Why Are Drysuits So Big? February 12 2014

Drysuits look huge. When you're about to try one on, it's the first thing you'll notice. "Ridiculous," you'll think. "It's taller than I am! I must have the wrong size."

You'll be surprised.

Try that enormous suit on, and it magically shrinks to fit you. Or maybe it's the other way around: a drysuit is such an awesome thing that, as soon as you put it on, you become bigger, more powerful -- better looking too!

A front-entry drysuit has to be big for a few reasons:

  • After you pull on the bottom half, you have to get your head through the entry zipper. The torso has to be extra long so that the top of the chest fits completely over your head.
  • Drysuit fabric doesn't stretch at all, so the legs have to be cut extra long to allow you to bend at the knees.
  • Because you'll wear a full suit of insulating clothing under the drysuit and need unimpeded freedom of movement, it has to be big around at every location: shoulders, armholes, chest, hips, etc. 
  • And if your suit has sewn-on drysocks, they add another foot or so below where your pants would normally end.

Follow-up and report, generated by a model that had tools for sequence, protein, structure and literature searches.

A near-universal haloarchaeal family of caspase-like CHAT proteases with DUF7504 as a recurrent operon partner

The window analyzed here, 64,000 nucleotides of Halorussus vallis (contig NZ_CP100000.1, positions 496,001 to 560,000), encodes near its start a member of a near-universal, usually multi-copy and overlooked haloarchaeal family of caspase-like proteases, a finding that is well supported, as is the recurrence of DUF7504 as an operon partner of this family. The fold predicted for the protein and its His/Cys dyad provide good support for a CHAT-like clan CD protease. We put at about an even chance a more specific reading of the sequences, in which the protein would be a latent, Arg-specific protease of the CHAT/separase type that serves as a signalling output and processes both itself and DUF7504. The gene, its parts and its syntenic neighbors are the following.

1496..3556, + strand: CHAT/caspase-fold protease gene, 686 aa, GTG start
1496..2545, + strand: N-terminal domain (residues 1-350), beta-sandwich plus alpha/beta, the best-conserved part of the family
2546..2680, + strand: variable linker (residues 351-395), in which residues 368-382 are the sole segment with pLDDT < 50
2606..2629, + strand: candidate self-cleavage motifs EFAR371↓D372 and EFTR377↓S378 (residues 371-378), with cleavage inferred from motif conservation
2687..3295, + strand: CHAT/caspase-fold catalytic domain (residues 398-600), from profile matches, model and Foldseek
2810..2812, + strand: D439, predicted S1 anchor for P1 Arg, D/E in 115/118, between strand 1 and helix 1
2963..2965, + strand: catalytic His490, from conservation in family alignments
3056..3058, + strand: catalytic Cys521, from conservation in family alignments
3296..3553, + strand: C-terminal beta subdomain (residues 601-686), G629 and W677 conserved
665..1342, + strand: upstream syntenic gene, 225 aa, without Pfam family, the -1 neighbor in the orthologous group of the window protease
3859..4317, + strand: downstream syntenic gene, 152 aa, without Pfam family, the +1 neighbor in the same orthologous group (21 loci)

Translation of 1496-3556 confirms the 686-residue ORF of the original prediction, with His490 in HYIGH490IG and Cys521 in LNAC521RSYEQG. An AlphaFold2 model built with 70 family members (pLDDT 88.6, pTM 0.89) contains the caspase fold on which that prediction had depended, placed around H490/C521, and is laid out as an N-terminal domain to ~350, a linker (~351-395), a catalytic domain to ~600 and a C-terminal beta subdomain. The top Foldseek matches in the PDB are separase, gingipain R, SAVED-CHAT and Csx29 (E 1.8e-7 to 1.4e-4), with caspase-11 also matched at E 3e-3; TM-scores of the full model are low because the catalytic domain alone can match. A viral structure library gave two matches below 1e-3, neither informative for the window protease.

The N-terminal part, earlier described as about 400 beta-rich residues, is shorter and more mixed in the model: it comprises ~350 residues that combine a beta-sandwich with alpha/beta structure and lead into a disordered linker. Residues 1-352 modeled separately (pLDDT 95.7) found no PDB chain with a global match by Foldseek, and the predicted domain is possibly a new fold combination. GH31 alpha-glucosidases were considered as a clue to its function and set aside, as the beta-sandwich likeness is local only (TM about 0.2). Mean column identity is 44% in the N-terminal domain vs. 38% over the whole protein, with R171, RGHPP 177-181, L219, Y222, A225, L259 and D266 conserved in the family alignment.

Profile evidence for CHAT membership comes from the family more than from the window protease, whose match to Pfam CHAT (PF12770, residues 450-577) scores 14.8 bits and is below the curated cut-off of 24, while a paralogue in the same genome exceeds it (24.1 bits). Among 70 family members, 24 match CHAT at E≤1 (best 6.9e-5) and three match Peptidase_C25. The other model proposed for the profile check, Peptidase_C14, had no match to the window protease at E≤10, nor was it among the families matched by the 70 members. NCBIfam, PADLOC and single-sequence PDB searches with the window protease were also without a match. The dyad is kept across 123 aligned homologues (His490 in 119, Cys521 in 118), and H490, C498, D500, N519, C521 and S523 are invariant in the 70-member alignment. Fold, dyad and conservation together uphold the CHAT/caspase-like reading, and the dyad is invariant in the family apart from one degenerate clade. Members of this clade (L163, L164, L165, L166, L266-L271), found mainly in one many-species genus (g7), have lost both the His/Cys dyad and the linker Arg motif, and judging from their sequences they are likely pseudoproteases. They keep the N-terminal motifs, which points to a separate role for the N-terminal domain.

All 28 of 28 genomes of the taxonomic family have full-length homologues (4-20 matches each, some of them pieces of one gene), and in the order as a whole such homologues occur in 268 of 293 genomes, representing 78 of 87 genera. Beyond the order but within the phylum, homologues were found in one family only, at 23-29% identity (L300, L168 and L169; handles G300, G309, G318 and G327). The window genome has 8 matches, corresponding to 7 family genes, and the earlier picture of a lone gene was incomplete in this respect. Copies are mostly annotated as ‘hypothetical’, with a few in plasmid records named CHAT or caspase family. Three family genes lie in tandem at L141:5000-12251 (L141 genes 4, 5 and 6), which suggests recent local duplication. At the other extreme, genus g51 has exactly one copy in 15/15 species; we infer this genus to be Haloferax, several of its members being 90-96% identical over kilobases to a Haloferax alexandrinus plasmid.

Where does all this extra fabric go when you put the suit on?

The upper torso remains big. You'll notice the entry zipper tends to stand out far from your chest. You need a lot of this extra room for full arm and shoulder movement and torso rotation. Your PFD will contain and hide all that extra fabric.

Even after your feet take up the length of the drysocks, the legs remain long. You simply need that extra length so that you can sit, bend your knees, etc. The cuffs may sag down over the top of your booties, but as long as you tighten the waist belt or drawstring, things shouldn't droop down too far.

There's one more factor that allows that apparently huge suit to fit you so well. When you put it on, you get bigger.

Don't believe me? Try it yourself.

 

Download this article as a PDF.

More information on drysuit sizing.

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